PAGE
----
I think there is no sense in forming an opinion when there is no evidence to form it on. If you build a person without any bones in him he may look fair enough to the eye, but he will be limber and cannot stand up; and I consider that evidence is the bones of an opinion.
—Attributed to Mark Twain in "Personal Recollections of Joan of Arc."
Today, a student writing a paper on the Federal Water Pollution Control Act Amendments of 1972 (Public Law 92-500, later to be known as the Clean Water Act or CWA) would be hard-pressed to find a public official who would say the legislation was not a success. Vice President Gore's remarks in October 1997, celebrating the twenty-fifth anniversary of the act, are representative of the good feelings people have about the CWA (USEPA, 1997a; WEF, 1997).
In his speech, the Vice President lauded the cooperative efforts of federal, state, tribal, and local governments in implementing the act's pollution control provisions. He reported that the quality of rivers, lakes, and bays has "improved dramatically." He related success stories involving water-based commerce, agriculture, tourism, fisheries, and quality of life for a variety of locations, including Alaska's St. Paul Harbor, the Chesapeake Bay, Cleveland's Cuyahoga River, the Long Island Sound, and the Houston Ship Channel. With cheers like that ringing in people's ears, it's no wonder that the prevailing public opinion is that the act has been a success. But what if the paper-writing student were to inquire skeptically about the "bones" of this opinion? What scientific evidence could she cite to back up this claim? Was the nation indeed able to buy water quality success with the approximately $200.6 billion in capital costs and $210.1 billion in operation and maintenance costs (current year dollars) invested from 1972 to 1994 by public and private authorities in point source water pollution control?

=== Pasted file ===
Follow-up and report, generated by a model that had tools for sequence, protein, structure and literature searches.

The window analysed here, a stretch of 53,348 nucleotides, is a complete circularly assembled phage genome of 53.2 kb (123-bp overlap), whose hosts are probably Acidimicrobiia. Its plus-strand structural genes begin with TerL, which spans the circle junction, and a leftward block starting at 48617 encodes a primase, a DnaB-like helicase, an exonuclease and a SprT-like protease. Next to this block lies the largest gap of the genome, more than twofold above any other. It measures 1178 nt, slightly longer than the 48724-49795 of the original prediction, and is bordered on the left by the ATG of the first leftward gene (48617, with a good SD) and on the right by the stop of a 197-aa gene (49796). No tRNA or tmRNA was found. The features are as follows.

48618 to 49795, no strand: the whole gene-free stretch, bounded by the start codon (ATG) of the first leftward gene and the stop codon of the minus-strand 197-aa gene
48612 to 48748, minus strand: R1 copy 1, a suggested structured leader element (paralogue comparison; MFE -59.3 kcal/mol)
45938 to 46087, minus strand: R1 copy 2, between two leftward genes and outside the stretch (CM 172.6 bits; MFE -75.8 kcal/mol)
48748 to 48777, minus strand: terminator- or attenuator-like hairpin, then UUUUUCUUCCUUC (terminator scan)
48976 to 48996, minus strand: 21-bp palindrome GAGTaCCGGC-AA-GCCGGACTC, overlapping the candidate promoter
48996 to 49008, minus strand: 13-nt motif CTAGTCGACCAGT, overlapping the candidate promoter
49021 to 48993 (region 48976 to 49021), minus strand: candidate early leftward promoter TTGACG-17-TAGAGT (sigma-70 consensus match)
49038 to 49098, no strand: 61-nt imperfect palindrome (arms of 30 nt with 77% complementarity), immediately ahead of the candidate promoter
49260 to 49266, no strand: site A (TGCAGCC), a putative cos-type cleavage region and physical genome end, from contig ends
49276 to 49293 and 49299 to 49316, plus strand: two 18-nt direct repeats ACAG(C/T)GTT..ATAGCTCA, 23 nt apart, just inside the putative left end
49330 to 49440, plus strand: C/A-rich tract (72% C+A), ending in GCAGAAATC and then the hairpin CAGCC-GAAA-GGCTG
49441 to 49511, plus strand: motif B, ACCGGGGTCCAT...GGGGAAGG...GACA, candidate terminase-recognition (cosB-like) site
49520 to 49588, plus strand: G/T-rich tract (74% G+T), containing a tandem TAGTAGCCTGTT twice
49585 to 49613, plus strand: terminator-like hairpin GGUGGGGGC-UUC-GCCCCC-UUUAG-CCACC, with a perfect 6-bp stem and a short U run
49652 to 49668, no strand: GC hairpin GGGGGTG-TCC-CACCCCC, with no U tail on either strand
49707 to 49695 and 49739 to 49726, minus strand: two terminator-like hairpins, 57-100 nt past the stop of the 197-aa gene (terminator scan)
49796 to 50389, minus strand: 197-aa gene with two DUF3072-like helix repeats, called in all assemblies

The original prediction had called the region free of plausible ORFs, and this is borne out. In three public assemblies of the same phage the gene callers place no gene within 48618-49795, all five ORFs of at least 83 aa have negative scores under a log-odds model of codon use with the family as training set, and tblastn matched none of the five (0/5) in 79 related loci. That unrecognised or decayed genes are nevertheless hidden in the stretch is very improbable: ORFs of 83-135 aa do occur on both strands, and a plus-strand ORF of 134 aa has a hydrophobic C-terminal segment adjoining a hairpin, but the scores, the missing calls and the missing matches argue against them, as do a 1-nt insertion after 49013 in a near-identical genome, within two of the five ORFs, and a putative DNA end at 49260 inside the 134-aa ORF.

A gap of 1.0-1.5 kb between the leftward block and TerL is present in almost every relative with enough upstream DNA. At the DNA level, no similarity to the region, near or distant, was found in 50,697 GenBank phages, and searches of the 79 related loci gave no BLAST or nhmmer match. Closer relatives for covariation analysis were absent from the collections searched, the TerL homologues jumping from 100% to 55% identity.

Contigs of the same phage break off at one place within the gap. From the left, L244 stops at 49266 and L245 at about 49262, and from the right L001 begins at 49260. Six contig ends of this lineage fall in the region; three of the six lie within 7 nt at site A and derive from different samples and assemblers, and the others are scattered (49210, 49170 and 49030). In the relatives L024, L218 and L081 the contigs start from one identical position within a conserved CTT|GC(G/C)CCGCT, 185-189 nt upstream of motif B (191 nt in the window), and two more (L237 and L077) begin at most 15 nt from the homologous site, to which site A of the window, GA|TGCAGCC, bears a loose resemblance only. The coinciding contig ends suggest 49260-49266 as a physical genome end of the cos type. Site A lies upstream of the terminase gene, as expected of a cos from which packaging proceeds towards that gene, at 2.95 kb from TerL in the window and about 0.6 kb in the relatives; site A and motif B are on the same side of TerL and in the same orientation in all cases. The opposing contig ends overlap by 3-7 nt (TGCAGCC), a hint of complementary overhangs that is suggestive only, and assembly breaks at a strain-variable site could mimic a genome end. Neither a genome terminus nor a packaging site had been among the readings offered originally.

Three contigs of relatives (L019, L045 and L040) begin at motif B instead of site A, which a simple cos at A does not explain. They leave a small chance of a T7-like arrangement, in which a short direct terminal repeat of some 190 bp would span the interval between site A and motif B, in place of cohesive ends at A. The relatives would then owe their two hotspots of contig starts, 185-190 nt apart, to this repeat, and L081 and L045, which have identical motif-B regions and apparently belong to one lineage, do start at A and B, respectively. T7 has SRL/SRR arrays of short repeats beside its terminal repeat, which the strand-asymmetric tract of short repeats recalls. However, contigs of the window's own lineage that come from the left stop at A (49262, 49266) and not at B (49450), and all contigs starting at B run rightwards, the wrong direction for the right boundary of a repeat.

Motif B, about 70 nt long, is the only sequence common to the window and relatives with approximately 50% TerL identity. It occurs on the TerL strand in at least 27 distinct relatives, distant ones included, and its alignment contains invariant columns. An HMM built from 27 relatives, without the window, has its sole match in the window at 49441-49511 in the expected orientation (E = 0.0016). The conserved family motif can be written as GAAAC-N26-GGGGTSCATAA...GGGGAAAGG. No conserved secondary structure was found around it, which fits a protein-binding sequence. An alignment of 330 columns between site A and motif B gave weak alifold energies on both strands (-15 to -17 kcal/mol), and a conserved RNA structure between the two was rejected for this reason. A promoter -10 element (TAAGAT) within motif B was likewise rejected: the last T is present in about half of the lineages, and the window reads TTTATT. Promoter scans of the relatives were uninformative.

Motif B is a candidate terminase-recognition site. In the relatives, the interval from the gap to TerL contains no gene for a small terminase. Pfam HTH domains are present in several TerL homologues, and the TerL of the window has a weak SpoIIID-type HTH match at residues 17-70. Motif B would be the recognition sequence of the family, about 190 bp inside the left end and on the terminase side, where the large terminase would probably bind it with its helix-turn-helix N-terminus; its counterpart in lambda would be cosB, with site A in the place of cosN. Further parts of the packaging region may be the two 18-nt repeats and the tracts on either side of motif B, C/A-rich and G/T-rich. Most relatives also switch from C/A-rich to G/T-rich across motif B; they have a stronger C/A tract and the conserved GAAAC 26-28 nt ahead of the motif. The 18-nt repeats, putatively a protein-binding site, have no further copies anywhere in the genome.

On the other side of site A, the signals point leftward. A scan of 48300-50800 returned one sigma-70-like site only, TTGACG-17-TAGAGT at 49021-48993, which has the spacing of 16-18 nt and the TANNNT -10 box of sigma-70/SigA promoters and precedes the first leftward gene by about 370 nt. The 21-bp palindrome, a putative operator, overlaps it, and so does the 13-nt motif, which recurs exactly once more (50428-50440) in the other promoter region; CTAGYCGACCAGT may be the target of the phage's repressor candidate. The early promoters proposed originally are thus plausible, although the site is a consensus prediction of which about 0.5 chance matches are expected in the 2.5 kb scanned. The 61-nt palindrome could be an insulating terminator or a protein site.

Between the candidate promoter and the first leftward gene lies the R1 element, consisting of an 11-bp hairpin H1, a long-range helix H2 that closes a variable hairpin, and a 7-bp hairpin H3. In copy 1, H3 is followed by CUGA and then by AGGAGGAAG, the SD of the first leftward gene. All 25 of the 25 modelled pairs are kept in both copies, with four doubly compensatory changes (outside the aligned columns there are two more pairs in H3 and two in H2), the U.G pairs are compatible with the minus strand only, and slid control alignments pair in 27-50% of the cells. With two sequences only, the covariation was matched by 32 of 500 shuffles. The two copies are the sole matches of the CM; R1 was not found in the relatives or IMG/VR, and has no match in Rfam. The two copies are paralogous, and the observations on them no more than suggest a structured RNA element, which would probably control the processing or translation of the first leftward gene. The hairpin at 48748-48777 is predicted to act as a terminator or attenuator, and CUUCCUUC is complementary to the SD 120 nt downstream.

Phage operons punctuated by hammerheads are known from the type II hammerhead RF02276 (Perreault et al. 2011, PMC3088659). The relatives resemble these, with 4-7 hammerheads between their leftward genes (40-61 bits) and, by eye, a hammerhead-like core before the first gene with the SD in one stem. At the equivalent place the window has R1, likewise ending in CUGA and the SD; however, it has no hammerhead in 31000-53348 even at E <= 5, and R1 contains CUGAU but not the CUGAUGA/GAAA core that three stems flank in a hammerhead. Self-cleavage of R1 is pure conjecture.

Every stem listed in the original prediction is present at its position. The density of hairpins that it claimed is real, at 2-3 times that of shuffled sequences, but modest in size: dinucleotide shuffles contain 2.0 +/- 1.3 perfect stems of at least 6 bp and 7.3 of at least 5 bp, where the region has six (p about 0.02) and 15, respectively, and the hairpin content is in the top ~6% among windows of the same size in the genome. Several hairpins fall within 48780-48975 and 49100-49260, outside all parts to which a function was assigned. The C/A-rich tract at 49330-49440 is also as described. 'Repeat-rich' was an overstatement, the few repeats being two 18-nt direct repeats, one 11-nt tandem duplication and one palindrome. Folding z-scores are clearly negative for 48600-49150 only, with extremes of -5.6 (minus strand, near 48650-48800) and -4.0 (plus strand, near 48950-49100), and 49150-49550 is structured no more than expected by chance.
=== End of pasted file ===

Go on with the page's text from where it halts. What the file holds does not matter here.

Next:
A centerpiece of the CWA was a dramatic increase in federal support for upgrading publicly owned treatment works (POTWs). From 1970 to 1999, $77.2 billion in federal grants and contributions through the U.S. Environmental Protection Agency's (USEPA's) Construction Grants and Clean Water State Revolving Fund (CWSRF) programs was distributed to municipalities and states for this activity. A 1995 editorial in the Water Environment Federation's research journal noted that no comprehensive national study has ever been done to document whether this investment has paid off in terms of improved water quality (Mearns, 1995). Who could blame the stu dent, then, if she applied Mark Twain's logic and concluded that the public's opinion concerning the success of the CWA was "limber" and could not "stand up."
The purpose of this book is to provide that student with the "bones" to form an opinion that will stand up. Specifically, it was designed to examine whether "significant" water quality improvements [in the form of increased dissolved oxygen (DO) levels] have occurred downstream from POTW discharges since the enactment of the CWA.
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